JUL 26, 2017 6:53 PM PDT

What are the environmental impacts of sea walls?

Sea levels are rising and as a consequence so are the number of sea walls. However, until now the environmental impacts of sea walls and other engineering “armoring” have been inadequately studied. A team of scientists from UC Santa Barbara and the National Science Foundation's Long-Term Ecological Research (LTER) network recently collaborated to publish a study in the journal Estuaries and Coasts that analyzes a broad range of environmental effects from shoreline armoring in soft marine sediments, shedding light how such infrastructure is changing more than just landscapes.

West End Seawall in Vancouver. Photo: Tourism Vancouver.

"This is one of the first attempts to assess how engineering structures on beaches and other sedimentary environments affect the biota that inhabits these locations," said David Garrison, an LTER program director at the National Science Foundation. "What was novel about this cross-site collaboration was putting these site-specific studies into perspective by making comparisons across a broad range of habitats," said co-author Merryl Alber.

The study looked at results from 88 previous studies that analyzed different types of armoring in diverse soft sediment ecosystems in order to develop a unique conceptual model. "Our model uses two simple axes: the environmental setting of the armoring structure in terms of hydrodynamic energy, like wave and tide regimes, and the degree to which a structure was built to slow water movement or actually stop it from getting through," lead author Jenny Dugan said.

Most of the cases from the existing literature had been in low-energy environments such as salt marshes, tidal creeks, and mangroves. About one-quarter of the cases were from medium-energy systems like harbors, river mouths, and estuaries; only 15% were from high-energy environments such as open coast sandy beaches. Dugan points out that sea level rise means that shoreline armoring structures will experience greater hydrodynamic energy, regardless the type of setting the structure is in.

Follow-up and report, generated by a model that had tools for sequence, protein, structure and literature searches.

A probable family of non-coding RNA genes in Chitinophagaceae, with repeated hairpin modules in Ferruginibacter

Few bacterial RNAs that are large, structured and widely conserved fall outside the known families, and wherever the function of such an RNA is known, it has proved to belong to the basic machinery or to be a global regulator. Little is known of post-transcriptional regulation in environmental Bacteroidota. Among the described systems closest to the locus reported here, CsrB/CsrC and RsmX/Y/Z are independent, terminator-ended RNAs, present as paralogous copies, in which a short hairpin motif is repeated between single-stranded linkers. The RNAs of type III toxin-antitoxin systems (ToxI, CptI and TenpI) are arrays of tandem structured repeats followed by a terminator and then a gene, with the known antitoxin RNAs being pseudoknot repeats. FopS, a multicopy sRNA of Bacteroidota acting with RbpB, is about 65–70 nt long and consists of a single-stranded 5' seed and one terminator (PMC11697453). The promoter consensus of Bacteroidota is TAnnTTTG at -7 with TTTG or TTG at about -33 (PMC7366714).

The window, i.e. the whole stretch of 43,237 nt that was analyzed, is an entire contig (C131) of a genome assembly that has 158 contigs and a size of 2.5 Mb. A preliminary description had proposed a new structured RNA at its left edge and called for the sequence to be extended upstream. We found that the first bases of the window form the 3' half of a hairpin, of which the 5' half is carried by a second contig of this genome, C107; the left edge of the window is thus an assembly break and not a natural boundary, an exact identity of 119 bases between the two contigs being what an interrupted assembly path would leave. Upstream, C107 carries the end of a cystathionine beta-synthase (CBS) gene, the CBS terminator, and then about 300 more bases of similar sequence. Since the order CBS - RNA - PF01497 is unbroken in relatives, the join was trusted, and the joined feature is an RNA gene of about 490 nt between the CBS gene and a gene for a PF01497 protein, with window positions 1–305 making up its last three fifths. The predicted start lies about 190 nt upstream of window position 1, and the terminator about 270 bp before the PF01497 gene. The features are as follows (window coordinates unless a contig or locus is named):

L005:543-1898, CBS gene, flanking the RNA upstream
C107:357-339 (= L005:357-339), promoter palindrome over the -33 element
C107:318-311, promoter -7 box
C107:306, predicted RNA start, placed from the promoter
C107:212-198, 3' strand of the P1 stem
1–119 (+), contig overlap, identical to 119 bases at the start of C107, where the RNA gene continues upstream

This sea wall is being constructed to protect a fishing village from flooding in Sundarbans, Bangladesh. Photo: Alamy

While past studies had focused on examining how sea walls and armoring affect changes in habitat and species distribution, this model also takes into account nutrient cycling, connectivity, productivity and trophic structure. The team found that shoreline armoring negatively effects every single one of these categories.

The study explains more in depth, writing that they found “a higher frequency of negative responses for structures designed to stop water flow within a given hydrodynamic energy level. Comparisons across the hydrodynamic energy axis were less clear-cut, but negative responses prevailed (>78%) in high-energy environments. Across the 207 armoring effects studied, 71% were significantly negative, 22% were significantly positive, and 7% reported no significant difference.”

From this study stems the hope that the team’s results will advise engineers how to better take the environment into consideration when constructing soft-sediment shoreline armoring. Dugan says that their results aim to encourage developers to incorporate the ecological costs into the monetary value of projects based on differences in environmental settings and hydrodynamic energy. To see a video of one example of how to build a sea wall, watch the footage below. 

Sources: Estuaries and Coasts, Science Daily

About the Author
  • Kathryn is a curious world-traveller interested in the intersection between nature, culture, history, and people. She has worked for environmental education non-profits and is a Spanish/English interpreter.
You May Also Like
AUG 11, 2021
Space & Astronomy
Researchers Solve Jupiters 'Energy Crisis'
AUG 11, 2021
Researchers Solve Jupiters 'Energy Crisis'
Astronomers have solved Jupiter's 'Energy Crisis', a long-standing issue that has puzzled scientists for dec ...
AUG 12, 2021
Plants & Animals
Why Sunflower Heads Face East
AUG 12, 2021
Why Sunflower Heads Face East
You may have noticed that sunflowers can move their 'heads' or capitula to track the sun as its position changes during ...
AUG 21, 2021
Earth & The Environment
Celebrate Honeybees and Beekeepers on National Honeybee Day!
AUG 21, 2021
Celebrate Honeybees and Beekeepers on National Honeybee Day!
The third Saturday in August, this year the 21st, is National Honeybee Day! The date celebrates honeybee keepers and all ...
SEP 08, 2021
Plants & Animals
Are the skeletons of macaque hybrids distinct?
SEP 08, 2021
Are the skeletons of macaque hybrids distinct?
New research sheds insight into the evolution of the human pelvis by using macaque hybrid models.
SEP 16, 2021
Plants & Animals
Climate Change Is Already Bad for Corn Production. Weeds Make It Worse.
SEP 16, 2021
Climate Change Is Already Bad for Corn Production. Weeds Make It Worse.
Climate change is accelerating, causing more severe droughts, heat, and flooding. The United Nations Intergovernmental P ...
OCT 13, 2021
Earth & The Environment
Fighting Back Against Harmful Algal Blooms
OCT 13, 2021
Fighting Back Against Harmful Algal Blooms
Harmful algal blooms, or HABs, are a common summertime nuisance for people that live near fresh or saltwater all over th ...
Loading Comments...